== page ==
Wuhan became an important city where people were united in the fight against Japanese invaders. Many Western institutions in China moved to Wuhan. So was the Office of the Eighth Route Army in Nanjing. Zhou Enlai was appointed vice director of the political department of Nationalist Government’s military commission.

The American military officers who were to influence the situation in China in a few years gathered there too. This was a picture of a military attaché of the US Embassy.

Foreign friends who supported China in its fight against the aggressors gathered there and experienced the Chinese people’s enthusiasm in their resistance struggle. Edgar Snow appeared again in the dangerous parts of China. Almost every day he dispatched news to the United States to a much-read column of the weekly “Life”. Agnes Smedley was among the journalists too. In the eyes of foreign journalists, the Chinese people’s enthusiasm of the resistance war was rising to an unprecedented height.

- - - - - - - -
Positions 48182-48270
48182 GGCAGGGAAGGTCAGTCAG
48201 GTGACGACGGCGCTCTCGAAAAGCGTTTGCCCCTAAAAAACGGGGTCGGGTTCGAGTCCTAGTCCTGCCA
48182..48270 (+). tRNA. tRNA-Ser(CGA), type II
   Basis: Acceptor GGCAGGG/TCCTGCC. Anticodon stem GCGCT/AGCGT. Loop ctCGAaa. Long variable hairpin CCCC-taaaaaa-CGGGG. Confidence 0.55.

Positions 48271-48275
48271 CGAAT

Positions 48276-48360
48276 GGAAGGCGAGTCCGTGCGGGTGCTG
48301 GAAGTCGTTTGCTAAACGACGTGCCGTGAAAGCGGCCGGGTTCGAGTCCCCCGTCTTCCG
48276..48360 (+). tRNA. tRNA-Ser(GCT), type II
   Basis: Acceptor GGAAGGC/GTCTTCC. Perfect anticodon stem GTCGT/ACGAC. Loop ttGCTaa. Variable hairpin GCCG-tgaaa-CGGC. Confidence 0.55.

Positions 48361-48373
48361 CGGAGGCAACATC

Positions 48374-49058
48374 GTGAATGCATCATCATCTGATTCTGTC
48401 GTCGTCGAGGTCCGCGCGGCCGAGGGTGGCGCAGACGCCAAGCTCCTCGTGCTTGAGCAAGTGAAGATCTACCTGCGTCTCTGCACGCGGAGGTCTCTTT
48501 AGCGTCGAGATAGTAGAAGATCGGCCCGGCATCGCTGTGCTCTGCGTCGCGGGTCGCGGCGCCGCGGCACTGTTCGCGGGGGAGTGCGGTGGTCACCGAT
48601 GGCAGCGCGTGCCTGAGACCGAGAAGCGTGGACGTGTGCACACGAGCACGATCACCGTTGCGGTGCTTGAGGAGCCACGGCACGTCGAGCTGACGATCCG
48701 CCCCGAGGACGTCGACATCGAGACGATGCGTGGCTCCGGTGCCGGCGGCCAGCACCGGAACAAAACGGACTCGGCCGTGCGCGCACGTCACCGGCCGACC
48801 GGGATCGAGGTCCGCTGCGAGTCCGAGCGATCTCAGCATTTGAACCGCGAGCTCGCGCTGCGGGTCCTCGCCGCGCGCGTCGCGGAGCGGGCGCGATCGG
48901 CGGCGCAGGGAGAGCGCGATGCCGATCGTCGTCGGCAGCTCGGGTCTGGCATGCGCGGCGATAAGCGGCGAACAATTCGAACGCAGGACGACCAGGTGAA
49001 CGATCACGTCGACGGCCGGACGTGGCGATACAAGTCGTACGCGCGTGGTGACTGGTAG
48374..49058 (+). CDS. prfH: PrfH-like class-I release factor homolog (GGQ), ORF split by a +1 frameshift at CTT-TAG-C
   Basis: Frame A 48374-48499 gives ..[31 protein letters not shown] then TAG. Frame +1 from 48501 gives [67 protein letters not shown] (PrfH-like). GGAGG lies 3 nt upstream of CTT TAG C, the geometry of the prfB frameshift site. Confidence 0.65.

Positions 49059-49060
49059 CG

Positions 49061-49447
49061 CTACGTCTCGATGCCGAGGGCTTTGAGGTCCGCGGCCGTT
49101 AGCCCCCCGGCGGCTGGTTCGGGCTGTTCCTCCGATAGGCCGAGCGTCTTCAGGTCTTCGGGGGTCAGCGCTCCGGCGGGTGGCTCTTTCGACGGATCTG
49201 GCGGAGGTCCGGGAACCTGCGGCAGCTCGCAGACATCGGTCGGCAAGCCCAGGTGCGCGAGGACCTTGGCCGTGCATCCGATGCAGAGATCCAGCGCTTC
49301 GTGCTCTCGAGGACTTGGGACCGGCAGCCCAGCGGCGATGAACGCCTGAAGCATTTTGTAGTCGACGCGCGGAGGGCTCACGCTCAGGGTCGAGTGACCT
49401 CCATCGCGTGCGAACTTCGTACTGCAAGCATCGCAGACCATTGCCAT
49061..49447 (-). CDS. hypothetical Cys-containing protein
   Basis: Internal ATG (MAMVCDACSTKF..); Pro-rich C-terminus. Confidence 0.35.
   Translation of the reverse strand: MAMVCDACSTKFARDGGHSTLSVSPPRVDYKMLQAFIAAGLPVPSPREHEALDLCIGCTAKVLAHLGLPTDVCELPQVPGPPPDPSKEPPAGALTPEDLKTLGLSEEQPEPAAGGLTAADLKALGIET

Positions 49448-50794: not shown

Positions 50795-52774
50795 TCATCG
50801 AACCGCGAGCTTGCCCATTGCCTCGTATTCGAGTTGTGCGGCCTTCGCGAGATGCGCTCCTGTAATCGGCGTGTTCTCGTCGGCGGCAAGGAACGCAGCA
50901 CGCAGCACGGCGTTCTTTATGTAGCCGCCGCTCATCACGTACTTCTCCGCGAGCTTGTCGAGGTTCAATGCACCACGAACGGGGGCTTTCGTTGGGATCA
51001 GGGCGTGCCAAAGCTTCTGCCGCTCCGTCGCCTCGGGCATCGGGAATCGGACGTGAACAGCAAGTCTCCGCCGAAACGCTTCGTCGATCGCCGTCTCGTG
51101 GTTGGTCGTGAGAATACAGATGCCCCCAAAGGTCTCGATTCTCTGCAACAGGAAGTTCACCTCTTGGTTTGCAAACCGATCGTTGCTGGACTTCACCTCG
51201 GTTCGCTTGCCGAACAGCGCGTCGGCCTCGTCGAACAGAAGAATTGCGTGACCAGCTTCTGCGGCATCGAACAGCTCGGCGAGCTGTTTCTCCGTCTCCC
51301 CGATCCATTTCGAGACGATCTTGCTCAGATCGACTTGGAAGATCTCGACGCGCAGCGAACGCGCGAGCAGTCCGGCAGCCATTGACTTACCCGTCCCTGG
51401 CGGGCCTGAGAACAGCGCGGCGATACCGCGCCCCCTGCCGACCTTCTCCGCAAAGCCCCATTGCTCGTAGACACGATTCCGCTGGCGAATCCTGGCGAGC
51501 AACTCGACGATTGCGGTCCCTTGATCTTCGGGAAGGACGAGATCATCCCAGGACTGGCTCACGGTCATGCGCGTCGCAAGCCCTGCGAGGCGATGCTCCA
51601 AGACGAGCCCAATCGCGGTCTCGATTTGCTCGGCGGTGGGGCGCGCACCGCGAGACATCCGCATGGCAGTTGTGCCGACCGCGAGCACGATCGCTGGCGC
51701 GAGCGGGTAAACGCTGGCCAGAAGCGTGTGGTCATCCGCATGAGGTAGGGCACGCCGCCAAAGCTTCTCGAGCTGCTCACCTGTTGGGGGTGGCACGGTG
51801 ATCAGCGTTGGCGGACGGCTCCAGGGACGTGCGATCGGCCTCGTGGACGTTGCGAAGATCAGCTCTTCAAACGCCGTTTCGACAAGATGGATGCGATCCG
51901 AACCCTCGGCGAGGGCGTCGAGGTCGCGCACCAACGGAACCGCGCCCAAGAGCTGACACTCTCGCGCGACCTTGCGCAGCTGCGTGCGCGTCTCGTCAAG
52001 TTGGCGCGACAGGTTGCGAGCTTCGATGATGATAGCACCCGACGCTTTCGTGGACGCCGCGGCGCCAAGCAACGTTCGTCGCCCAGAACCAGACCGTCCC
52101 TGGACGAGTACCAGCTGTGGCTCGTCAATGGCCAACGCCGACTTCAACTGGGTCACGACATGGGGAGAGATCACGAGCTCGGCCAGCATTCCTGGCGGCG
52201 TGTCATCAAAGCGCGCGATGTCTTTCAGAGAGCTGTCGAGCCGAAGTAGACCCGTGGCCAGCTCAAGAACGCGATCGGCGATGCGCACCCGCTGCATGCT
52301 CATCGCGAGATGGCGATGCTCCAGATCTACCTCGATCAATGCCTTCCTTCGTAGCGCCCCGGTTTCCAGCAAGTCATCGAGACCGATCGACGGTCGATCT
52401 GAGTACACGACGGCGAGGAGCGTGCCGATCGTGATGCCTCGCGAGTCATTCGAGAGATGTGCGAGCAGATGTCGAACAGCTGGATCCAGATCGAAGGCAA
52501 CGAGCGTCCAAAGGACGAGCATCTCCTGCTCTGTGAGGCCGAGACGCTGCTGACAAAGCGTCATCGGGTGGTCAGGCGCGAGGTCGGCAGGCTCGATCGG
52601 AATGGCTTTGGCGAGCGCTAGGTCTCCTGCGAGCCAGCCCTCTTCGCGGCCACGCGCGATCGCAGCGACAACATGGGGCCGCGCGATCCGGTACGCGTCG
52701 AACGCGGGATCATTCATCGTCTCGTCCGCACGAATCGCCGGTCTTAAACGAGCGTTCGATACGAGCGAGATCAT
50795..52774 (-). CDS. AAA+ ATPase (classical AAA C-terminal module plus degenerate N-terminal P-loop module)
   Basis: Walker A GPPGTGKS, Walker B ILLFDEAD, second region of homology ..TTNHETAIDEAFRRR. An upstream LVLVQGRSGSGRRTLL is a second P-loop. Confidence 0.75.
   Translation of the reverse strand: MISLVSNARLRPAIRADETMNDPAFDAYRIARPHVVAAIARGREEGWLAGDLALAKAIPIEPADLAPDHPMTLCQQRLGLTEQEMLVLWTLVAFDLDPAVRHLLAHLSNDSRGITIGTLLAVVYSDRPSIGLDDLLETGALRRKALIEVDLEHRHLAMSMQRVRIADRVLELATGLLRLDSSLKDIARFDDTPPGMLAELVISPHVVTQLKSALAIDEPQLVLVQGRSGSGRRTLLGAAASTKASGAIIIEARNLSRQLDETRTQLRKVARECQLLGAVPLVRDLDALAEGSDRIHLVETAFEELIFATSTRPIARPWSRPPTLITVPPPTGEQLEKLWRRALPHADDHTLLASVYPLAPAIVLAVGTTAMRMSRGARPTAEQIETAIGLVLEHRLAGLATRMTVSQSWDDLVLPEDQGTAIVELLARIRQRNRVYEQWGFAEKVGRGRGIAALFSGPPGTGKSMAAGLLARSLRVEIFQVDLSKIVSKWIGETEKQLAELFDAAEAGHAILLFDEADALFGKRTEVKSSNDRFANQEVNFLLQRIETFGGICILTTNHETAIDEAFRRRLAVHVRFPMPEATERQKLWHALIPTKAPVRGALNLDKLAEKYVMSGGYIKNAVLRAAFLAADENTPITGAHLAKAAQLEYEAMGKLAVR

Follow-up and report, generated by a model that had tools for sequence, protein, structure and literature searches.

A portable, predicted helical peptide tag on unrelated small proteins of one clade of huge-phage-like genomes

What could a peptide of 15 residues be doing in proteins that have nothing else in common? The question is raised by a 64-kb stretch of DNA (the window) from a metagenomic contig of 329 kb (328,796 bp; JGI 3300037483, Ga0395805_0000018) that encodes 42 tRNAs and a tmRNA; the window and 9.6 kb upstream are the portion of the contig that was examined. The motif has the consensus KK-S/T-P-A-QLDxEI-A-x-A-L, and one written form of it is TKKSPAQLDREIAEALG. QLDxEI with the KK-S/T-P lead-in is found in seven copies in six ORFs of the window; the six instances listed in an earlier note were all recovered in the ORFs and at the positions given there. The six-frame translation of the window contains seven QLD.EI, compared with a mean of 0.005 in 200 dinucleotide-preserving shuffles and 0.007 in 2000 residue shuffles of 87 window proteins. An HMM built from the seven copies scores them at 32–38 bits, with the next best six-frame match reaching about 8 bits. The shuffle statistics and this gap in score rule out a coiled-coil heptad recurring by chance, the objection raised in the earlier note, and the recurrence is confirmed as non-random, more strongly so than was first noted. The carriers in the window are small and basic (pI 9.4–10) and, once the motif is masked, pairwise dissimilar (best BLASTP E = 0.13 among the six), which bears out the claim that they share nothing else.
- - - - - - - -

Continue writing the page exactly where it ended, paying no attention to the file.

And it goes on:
Later, Bertram narrated what he saw in his memoir that Hankou was bombed in waves every day. Now and then, Madame Chiang’s remaining planes and planes manned by American, Italian and Russian pilots flew up to defend the city. It was becoming more and more like Madrid, a frontal capital that won public support. Unlike poor Nanjing that was forsaken and trampled on, it stood erect proudly as it persisted in the resistance war.

Israel Epstein came to China as a correspondent of the United Press of America. This picture was taken after the victory of the battle at Taierzhuang.

From June to October 1938, when both the Kuomintang and the Chinese Communist Party accepted the slogan “Defend Wuhan”, the Chinese troops waged the famous Battle in Wuhan.

Agnes Smedley said in the feeling that the Battle in Wuhan was a great motivation to the Chinese people. She met a couple of US military observers who had been to the front. They told her that the north China troops, which were considered feudal and backward before, fought ever so valiantly.